- New survey reveals how debt is taking a harmful toll on the mental health of millions of Americans.
- Most people feel like they can’t continue their current lifestyle because of inflation.
- Half of Americans worry about the burden from inheriting their parents’ debt struggles.
NEW YORK — The average American loses over 200 hours of sleep each year thinking about the money they owe and has three “debt nightmares” a week.
A survey of 2,000 adults looked at how debt affects their daily lives and found that people reported an increase in anxiety (38%), stress (33%) and moodiness (32%) because of their debt problems. More than two-thirds of respondents who have been in debt say it’s made them withdraw from the things they love (69%).
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Still, three in five respondents also admit feeling pressure to spend money they don’t have so they can hide their financial situation. Three in four respondents would sacrifice doing and buying things they want, since 71 percent constantly think about the debt they’re in.
If in debt, people would also sacrifice going on vacation (49%), date nights (38%), or attending a wedding (36%) because of their debt woes. A third of respondents would even say “no” to a night out with their friends.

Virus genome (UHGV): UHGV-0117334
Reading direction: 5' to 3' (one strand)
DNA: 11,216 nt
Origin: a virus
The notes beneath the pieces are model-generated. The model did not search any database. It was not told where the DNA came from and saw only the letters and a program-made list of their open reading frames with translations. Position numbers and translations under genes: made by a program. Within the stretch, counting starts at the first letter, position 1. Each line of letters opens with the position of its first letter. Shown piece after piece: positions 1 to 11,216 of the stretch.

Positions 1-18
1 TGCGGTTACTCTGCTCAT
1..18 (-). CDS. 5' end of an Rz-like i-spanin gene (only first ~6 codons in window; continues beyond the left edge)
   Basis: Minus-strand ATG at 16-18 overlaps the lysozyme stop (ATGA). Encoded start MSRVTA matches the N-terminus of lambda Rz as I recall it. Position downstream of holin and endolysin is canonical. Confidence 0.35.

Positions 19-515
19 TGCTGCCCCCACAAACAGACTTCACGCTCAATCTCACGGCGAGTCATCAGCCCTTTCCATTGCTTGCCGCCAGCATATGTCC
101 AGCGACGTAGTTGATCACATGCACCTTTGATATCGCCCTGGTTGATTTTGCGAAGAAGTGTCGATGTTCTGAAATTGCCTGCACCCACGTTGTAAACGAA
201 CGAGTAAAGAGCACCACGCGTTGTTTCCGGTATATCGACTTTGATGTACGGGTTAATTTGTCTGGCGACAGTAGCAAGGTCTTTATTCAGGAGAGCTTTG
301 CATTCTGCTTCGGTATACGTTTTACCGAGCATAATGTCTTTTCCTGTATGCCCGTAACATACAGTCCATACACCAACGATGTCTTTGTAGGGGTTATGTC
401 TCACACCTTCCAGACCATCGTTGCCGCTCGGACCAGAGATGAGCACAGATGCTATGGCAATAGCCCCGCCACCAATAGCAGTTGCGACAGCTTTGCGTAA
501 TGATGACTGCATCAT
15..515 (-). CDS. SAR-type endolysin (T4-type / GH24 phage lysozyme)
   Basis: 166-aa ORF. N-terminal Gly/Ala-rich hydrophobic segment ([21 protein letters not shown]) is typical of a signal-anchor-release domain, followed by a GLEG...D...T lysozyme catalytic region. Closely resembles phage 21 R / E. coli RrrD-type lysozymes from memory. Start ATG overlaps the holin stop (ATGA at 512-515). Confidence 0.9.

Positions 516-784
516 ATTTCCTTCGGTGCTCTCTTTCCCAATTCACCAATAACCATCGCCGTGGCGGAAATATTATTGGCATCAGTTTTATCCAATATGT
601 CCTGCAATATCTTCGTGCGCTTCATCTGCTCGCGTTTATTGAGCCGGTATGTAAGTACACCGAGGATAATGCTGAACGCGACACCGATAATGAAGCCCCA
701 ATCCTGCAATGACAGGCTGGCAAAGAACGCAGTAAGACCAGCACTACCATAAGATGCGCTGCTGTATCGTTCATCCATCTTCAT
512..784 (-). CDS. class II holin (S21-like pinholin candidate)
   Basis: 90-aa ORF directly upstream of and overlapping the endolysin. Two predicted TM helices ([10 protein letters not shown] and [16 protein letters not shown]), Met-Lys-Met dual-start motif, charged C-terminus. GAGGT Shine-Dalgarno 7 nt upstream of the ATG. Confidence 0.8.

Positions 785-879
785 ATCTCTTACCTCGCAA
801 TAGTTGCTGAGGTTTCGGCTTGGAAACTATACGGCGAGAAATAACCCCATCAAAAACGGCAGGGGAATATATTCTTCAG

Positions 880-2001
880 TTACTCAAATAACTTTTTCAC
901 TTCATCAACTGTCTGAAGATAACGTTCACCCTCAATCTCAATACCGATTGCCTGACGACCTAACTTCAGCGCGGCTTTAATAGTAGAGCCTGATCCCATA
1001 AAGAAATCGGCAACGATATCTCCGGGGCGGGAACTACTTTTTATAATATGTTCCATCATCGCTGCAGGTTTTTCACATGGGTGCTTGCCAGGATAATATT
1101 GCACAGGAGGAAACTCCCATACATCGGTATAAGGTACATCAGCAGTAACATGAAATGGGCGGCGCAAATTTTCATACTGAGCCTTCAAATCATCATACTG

When it comes to the most worrisome bills, many agree that credit card debt is the worst to have (45%), with medical loans (34%) and owing money on a mortgage (32%) following closely behind. Above all, most agree that getting out of debt feels like they’re retaking control of their lives (87%).
People worry about debt so much that nearly three in five have even considered putting off marriage to avoid inheriting their partner’s debt. Another 54 percent believe having a partner who’s in debt is a major reason to consider divorce. Meanwhile, 70 percent fear they can no longer afford their lifestyle due to inflation, and 77 percent say having debt would impact their retirement plans.
Debt feels like a permanent ‘black cloud’ for most people
Looking at the future, three in four want to pay off all debt so their children would not have to suffer. Half of respondents are also afraid of eventually inheriting their parents’ debt. Nearly three-quarters of those polled wish there were tools and resources available to help them when they were deep in financial debt (73%).
“For those struggling with what feels like insurmountable debt, you don’t need to face it alone,” says Natalia Brown, National Debt Relief’s chief client operations officer, in a statement. “Don’t hide your financial situation, have honest conversations with your family as a means of emotional support and consider debt relief options to help you tackle your debt.”
Most of those who have been in debt agree that their experience has permanently affected their perspective on finances (78%). Seven in 10 feel like a “black cloud” hangs over them when they have to pay a bill or loan and the same percentage of people feel debt has permanently affected them mentally (71%).
“Unfortunately, the findings from this survey do not surprise me,” Brown adds. “I see the emotional and physical impact debt has on people first hand every day. It’s important for people not only to get out of debt but also learn how to live financially confident while instilling healthy practices to remain financially free.”